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Contemporary Philosophy of Religion and NCEA Religious Studies: Part one

October 17th, 2017 by Matt

This is a talk I gave to the New Zealand Association of Philosophy Teachers annual conference at St Cutherberts College in September this year. Several people have asked me to make this talk available.

I have broken my talk up into four parts. Part One introduces what philosophy of religion. In part two I will outline two movements within analytic philosophy during the early to mid-century which I think resulted in religious beliefs not being taken very seriously within philosophy and philosophy of religion taking a fairly minor role. Part three will look at some responses to these movements offered in the late 20th century and how they changed the philosophical landscape. Part four will look at the question of “how to do philosophy of religion” comparing the methods used by two different atheist’s J L Mackie and Graham Oppy, and how this relates the National Certificate of Educational Achievement Standards. This post will contain part one.

First, I want to thank the association for asking me to speak, seeing I have been teaching in the secondary sector full time for only a  couple of years so I am not sure I have a lot to share with you and feel very much like I have more to learn from you.

I have been asked to talk about the contemporary philosophy of religion.  In my talk this morning I will focus on three things. First, I will talk about what philosophy of religion is. Second, I will talk a little bit about its history but focus on recent developments in contemporary analytic philosophy of religion. Finally, I will link some of these things with the current National Certificate of Educational Achievement (NCEA) Standards in Religious Studies. I hope what I say is helpful to you.

What is Philosophy of Religion
What is the philosophy of religion? Charles Taliaferro at the Stanford Encyclopedia of Philosophy defines it as “thephilosophy-of-religion philosophical examination of the central themes and concepts involved in religious traditions.” He adds “Philosophy of religion also includes an investigation into the religious significance of historical events (e.g., the Holocaust) and general features of the cosmos (e.g., laws of nature, the emergence of conscious life, widespread testimony of religious significance, and so on)”[1] Chad Meister at The Internet Encyclopedia of Philosophy defines it as “ the philosophical study of the meaning and nature of religion. It includes the analyses of religious concepts, beliefs, terms, arguments, and practices of religious adherents.”[2]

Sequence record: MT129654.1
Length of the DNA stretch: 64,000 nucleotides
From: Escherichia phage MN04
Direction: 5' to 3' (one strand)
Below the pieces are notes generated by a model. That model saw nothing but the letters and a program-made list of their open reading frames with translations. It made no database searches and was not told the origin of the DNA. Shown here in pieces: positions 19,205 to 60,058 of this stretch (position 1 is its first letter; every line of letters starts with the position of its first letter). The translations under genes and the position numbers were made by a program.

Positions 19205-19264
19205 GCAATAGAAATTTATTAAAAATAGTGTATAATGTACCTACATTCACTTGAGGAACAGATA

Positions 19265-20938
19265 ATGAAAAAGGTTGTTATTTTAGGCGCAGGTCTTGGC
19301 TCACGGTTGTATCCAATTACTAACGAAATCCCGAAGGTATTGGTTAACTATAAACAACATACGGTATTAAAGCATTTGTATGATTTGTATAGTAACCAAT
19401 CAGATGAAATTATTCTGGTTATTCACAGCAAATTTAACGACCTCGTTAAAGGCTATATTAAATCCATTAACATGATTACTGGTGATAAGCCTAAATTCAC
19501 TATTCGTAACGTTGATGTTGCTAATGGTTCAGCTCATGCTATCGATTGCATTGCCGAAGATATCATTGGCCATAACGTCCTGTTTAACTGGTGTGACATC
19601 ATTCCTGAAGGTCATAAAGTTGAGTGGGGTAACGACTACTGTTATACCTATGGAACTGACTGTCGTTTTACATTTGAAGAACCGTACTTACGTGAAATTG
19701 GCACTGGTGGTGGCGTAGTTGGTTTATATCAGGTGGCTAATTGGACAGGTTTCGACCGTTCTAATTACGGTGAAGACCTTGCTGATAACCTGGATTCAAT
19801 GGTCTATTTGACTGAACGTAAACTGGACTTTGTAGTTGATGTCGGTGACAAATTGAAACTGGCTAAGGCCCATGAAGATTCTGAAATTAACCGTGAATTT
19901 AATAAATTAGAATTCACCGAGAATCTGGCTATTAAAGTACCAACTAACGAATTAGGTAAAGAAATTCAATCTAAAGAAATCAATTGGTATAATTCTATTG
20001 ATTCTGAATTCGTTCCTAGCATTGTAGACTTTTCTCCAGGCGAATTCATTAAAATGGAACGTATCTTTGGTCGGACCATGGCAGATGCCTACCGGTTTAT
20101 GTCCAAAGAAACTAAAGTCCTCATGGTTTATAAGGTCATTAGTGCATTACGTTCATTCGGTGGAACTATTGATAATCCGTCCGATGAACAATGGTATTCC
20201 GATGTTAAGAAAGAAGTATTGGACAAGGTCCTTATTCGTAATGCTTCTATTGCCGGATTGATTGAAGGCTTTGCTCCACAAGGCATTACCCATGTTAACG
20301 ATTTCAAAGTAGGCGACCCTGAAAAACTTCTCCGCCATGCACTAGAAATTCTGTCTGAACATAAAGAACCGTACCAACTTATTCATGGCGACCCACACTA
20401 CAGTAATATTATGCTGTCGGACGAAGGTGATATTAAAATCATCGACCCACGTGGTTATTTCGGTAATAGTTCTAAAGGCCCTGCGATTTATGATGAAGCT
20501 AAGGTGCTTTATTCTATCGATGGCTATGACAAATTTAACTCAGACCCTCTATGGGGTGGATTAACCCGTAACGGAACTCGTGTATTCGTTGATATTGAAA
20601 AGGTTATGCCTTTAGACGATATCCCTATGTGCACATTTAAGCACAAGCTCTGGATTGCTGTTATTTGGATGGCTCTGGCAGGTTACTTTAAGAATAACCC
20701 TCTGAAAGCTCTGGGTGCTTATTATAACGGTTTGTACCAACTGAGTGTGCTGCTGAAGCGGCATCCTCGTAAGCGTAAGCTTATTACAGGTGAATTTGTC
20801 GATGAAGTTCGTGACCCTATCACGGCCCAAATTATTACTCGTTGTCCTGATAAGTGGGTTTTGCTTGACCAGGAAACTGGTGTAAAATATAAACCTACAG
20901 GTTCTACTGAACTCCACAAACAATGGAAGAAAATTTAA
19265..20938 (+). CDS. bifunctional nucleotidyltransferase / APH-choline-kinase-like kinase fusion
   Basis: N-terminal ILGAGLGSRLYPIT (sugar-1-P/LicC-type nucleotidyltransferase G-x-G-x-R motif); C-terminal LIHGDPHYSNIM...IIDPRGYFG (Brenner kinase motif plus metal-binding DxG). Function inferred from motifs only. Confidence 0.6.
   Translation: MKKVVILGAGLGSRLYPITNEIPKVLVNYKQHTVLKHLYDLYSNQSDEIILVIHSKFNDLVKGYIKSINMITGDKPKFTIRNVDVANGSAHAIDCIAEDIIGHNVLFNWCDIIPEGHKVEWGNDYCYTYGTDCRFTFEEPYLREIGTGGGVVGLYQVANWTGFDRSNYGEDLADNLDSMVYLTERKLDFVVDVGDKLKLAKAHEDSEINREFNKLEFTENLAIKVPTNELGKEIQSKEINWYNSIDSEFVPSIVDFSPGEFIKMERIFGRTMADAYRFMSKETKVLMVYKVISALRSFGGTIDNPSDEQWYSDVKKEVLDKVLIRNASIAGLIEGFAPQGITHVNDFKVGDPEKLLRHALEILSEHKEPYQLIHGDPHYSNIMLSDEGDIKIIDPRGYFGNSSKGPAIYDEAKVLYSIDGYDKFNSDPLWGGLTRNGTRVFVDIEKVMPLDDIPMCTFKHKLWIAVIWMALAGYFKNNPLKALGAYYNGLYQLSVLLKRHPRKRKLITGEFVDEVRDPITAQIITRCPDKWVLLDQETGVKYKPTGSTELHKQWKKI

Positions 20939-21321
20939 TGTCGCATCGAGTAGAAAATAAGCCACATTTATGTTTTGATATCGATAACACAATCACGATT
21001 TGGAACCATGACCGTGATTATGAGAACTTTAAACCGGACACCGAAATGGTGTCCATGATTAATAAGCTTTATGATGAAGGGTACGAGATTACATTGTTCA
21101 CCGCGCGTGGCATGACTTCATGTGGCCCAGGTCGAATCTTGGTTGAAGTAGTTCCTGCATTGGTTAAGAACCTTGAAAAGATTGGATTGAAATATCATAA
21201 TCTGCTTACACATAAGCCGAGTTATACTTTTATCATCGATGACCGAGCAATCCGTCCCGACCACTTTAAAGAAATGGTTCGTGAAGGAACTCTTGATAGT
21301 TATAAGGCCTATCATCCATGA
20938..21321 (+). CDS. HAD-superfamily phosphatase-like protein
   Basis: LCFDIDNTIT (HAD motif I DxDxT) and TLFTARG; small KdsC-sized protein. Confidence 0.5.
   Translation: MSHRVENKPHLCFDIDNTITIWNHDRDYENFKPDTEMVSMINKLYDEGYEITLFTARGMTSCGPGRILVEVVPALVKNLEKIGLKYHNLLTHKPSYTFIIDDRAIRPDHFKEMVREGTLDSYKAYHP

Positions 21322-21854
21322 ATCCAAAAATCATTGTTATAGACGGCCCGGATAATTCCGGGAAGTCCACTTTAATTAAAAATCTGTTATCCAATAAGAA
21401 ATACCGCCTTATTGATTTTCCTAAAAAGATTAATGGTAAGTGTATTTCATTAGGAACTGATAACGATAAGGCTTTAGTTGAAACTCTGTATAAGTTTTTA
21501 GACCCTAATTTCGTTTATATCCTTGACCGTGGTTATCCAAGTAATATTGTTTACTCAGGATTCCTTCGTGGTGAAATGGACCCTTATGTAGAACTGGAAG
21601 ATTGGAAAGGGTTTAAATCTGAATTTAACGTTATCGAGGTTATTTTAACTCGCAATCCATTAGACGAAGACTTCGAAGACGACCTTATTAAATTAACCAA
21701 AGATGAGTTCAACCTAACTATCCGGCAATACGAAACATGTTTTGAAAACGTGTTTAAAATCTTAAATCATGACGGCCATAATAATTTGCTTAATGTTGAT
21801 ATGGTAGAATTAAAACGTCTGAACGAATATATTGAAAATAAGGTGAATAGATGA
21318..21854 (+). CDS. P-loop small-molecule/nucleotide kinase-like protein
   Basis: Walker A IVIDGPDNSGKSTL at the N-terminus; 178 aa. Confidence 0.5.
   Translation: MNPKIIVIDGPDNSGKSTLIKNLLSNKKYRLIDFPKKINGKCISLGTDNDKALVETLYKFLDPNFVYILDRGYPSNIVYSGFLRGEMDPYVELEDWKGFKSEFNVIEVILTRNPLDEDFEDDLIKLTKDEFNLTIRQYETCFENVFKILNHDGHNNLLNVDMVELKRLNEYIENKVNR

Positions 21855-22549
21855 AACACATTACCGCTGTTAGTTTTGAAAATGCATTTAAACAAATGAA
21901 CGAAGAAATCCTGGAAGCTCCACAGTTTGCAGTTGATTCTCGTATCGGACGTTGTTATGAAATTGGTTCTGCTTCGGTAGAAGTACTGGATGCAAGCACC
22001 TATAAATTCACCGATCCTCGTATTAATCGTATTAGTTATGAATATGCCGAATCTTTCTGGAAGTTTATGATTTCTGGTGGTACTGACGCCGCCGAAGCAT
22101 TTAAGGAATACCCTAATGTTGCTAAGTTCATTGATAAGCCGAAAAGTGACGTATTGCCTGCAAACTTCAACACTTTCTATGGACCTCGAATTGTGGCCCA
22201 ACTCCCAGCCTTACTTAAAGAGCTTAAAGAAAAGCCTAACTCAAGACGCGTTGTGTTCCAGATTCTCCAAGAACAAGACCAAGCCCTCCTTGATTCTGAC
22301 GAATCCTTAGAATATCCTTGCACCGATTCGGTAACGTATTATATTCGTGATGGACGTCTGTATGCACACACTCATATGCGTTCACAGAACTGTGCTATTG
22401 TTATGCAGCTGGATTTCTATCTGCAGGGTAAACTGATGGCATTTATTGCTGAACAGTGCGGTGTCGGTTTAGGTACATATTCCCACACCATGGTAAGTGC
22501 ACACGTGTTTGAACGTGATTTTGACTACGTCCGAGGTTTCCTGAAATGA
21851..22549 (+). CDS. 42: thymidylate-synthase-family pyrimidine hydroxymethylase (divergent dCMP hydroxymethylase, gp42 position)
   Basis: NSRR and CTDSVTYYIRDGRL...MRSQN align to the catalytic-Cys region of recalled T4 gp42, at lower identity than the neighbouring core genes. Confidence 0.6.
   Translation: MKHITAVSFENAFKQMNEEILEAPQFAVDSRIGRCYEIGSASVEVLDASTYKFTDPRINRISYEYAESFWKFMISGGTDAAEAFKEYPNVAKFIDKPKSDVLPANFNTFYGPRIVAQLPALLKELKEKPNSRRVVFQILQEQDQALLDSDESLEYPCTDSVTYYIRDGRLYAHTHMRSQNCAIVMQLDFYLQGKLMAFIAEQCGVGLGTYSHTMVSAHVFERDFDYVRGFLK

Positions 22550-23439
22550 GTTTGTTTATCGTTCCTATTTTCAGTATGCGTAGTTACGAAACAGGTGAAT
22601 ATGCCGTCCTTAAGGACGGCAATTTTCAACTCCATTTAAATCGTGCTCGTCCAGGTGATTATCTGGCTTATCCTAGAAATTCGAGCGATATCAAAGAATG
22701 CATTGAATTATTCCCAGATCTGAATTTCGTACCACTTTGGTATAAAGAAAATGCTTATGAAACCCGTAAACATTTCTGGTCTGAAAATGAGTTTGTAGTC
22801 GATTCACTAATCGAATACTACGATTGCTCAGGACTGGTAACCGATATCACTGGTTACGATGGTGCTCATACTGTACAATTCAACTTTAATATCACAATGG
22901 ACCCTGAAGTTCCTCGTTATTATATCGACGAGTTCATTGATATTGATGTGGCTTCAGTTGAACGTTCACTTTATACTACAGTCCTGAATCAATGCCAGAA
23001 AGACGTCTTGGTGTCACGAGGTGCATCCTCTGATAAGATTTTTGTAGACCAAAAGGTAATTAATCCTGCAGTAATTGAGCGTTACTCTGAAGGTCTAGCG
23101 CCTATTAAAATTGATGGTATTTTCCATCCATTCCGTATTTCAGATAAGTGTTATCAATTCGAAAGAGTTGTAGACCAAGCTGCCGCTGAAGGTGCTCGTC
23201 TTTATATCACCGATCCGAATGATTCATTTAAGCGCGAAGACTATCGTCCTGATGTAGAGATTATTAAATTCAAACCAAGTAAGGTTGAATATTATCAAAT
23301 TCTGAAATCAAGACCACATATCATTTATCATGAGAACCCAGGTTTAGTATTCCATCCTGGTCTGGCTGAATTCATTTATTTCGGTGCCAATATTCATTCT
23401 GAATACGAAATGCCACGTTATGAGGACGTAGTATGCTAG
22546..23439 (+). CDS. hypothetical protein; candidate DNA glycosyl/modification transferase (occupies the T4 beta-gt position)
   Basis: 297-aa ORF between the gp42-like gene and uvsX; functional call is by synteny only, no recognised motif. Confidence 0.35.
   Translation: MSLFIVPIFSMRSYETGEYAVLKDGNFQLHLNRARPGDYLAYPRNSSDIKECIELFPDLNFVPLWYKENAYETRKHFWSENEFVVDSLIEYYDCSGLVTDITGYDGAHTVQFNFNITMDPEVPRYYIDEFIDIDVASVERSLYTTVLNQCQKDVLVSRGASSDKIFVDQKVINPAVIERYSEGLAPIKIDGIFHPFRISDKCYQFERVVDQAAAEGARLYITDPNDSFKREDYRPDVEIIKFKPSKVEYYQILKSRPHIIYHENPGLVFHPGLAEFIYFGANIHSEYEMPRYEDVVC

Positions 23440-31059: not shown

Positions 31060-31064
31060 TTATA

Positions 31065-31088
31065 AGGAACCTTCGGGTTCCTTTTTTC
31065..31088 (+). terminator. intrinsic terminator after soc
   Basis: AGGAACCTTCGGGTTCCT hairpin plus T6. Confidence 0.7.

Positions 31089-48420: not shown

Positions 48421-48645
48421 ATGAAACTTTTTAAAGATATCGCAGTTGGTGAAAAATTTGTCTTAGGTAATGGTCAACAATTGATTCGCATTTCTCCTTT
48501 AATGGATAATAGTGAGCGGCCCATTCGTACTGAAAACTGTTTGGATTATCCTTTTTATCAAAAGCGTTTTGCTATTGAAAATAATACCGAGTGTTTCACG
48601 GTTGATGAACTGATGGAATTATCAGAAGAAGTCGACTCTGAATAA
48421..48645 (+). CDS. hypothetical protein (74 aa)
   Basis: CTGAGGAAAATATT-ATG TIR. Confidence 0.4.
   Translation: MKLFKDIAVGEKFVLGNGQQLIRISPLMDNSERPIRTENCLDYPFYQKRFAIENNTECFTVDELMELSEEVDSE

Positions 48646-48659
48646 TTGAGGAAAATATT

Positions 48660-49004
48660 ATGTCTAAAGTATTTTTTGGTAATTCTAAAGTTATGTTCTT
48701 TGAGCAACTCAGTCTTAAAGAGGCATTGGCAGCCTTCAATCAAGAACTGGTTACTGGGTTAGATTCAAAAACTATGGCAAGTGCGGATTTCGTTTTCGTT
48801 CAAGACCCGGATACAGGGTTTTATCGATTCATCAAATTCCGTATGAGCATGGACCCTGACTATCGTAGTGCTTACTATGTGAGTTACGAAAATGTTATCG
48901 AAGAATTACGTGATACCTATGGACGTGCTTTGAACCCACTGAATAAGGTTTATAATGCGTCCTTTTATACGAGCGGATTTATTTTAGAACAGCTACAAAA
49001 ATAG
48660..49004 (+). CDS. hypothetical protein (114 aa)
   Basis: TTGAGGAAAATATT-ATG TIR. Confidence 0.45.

The History of Philosophy of Religion

Now, Philosophy of religion has a very long history, going back to the Pre-Socratics. And it was an integral part of medieval philosophy, Augustine, Aquinas, Anselm, Abelard, Scotus, Ockham and so forth worked in the tradition of “faith seeking understanding”. They used philosophy as a conceptual tool to reflect upon, analyse, refine, the religious faith that they held and develop philosophically informed models of core religious doctrines, they also used it to respond to objections and critique rival views and develop arguments for the own for theological models they supported. Some of these reflections proved very fruitful.  The Islamic-Christian dialogue over Aristotle’s understanding of causation and how it related to miracles, and Gods causal activity in the world, for example, is profoundly influential on latter accounts of causation by people like David Hume and the concepts of laws of nature used by early modern scientists.